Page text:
Inside Evina Westbrook’s 10 crazy days since UConn’s season ended

The first round of Monday’s WNBA Draft concluded without any UConn women’s basketball players selected.

Evina Westbrook sat on a chair in her family’s living room watching the draft on TV and waiting in their Salem, Ore. home. She was confident her name would be called, but she had no idea when or by whom.

She got chills when her teammates Christyn Williams (the No. 14 overall pick by Washington) and Olivia Nelson-Ododa (No. 19 by Los Angeles) were selected. Their professional careers were beginning.

Then, with the No. 21 overall pick, the Seattle Storm banner appeared along the bottom of the screen. On the far-left corner it read ‘Pick is in.’

The banner rolled up, reading “Evina Westbrook.”

Westbrook leaped from her chair. Her dreams were now a reality. She jumped up and down.

She turned away from the TV and clapped her hands. She walked toward her dad and leaned into his chest. His outstretched arms embraced her and held her close.

Out of 108 women in the draft candidacy pool, she was one of the 36 selected. She had made it.

“Just sitting there and at any time I’m just … my heart is pounding,” Westbrook said Tuesday. “As soon as it (happens), you’re like, ‘OK, so and so has drafted…,’ and your heart just kinda stops for a second. A lot of us have been waiting for that moment since we’ve been dreaming about it and for it to finally come true (Monday) night, I’m still honestly in shock. Like it really does not feel real.”

The past 10 days have been a whirlwind for Westbrook. She finished her collegiate career in the national championship in Minneapolis on April 3. She moved out of her apartment in Storrs — a place she’s called home for the past three years — five days later. The Storm drafted her on Monday and she moves to Seattle on Thursday to begin her professional career.

Westbrook has learned to handle life’s ups and downs with poise. She remained upright through UConn’s season of injuries, through the death of her childhood coach, through a transition into a new role off the bench, and through some memorable losses — including the program’s first in a national championship game.

It all prepared the 6-foot guard for her next chapter. She’s grown mentally stronger and has learned so much more about herself and her passions off the court.

“It was and still is hard to process, like I was just at school a couple days ago, I just said goodbye to my teammates a couple days ago, my room (in Connecticut) is completely empty,” she said. “I was just drafted by the Seattle Storm, like it’s just, oh my God, the emotions, they’re just all crazy inside of me still.”

During the second quarter of UConn’s national title loss to South Carolina, Westbrook rolled her ankle. She limped to the bench and sat out until the third quarter. A trainer diagnosed her with a sprain, yet Westbrook — who transferred to UConn from Tennessee for games like this — played on.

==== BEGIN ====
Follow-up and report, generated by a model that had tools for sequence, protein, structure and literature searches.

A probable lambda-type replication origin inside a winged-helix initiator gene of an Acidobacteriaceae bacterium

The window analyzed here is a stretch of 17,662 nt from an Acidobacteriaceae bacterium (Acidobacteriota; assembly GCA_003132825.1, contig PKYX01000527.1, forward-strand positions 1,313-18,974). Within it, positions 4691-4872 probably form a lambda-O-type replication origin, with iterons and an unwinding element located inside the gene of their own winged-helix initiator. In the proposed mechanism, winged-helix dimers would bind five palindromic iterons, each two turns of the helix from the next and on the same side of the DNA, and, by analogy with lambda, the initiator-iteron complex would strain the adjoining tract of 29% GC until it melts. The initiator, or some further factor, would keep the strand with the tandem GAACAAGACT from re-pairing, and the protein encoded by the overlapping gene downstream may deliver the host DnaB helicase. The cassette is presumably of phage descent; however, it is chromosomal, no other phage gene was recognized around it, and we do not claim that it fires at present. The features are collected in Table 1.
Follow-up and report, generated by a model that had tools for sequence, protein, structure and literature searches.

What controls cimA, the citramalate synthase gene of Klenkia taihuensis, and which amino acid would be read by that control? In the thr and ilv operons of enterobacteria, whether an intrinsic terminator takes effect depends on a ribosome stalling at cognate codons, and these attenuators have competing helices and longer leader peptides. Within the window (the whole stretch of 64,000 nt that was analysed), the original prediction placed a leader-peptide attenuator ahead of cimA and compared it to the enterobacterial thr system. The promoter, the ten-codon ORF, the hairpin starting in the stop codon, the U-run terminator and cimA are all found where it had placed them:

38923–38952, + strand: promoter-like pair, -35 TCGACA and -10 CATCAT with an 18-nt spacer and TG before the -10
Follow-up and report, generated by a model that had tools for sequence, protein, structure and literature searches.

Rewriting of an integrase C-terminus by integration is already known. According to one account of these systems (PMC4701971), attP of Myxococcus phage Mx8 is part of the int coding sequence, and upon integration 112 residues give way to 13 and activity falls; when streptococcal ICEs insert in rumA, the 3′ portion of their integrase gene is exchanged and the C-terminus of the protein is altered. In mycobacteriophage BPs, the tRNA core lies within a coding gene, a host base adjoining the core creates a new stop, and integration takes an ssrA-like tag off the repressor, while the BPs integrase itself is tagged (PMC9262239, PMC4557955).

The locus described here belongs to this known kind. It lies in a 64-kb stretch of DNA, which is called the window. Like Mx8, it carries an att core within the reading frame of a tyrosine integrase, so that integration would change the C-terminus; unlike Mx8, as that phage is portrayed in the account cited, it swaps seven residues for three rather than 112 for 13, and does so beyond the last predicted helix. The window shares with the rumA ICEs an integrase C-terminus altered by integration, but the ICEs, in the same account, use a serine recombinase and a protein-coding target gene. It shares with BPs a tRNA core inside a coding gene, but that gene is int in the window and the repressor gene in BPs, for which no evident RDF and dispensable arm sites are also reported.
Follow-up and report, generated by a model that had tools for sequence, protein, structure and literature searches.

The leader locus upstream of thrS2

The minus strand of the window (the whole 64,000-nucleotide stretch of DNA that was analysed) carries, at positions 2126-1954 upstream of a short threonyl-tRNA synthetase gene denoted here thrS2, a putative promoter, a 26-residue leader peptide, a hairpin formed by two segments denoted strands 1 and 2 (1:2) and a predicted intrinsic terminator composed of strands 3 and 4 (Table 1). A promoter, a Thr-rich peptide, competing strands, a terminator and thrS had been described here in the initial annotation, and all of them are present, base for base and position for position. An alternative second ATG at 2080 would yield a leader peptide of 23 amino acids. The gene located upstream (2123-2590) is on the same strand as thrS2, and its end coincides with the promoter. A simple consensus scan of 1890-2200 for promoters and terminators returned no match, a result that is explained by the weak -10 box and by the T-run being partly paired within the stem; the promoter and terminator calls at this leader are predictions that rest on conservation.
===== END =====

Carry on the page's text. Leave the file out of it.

“Once I got back in the game, my adrenaline kinda kicked in and I was good,” she said. “But I mean, it definitely hurt. But it’s the last game of the season so I’m trying to go out and play.”

Westbrook finished with seven points, four rebounds, two assists and one block. As the Gamecocks danced in raining confetti on the court, Westbrook was seen outside the Huskies’ locker room bawling.

UConn flew back to Connecticut the next day. Westbrook began packing up her apartment while starting rehab on her ankle. She flew home to Oregon a week after the title game.

She felt anxious falling asleep Sunday night. She had closed the UConn chapter of her life and the next day would turn the page and begin her WNBA chapter.

Monday was spent preparing the house to host about 50 family members and close friends for the draft. Westbrook’s mom, Eva, scheduled a make-up artist to do Westbrook’s makeup. She wore a light, nude-green pantsuit.

“All my emotions just leading up to the day were honestly just all over the place,” Westbrook said. “All I could think about was hearing my name being called and seeing my name pop up on the screen. Just to have it at my house, with all my family with me and just really love on me, I think was the biggest thing.

“I don’t think it mattered where it was. Being at the draft would have been an honor but I’m really glad that I got to do it at home with all of my family there.”

The Westbrook house erupted in celebration when Westbrook’s name appeared on the screen. Not only was she a WNBA draftee, but she was staying local in the Pacific Northwest.

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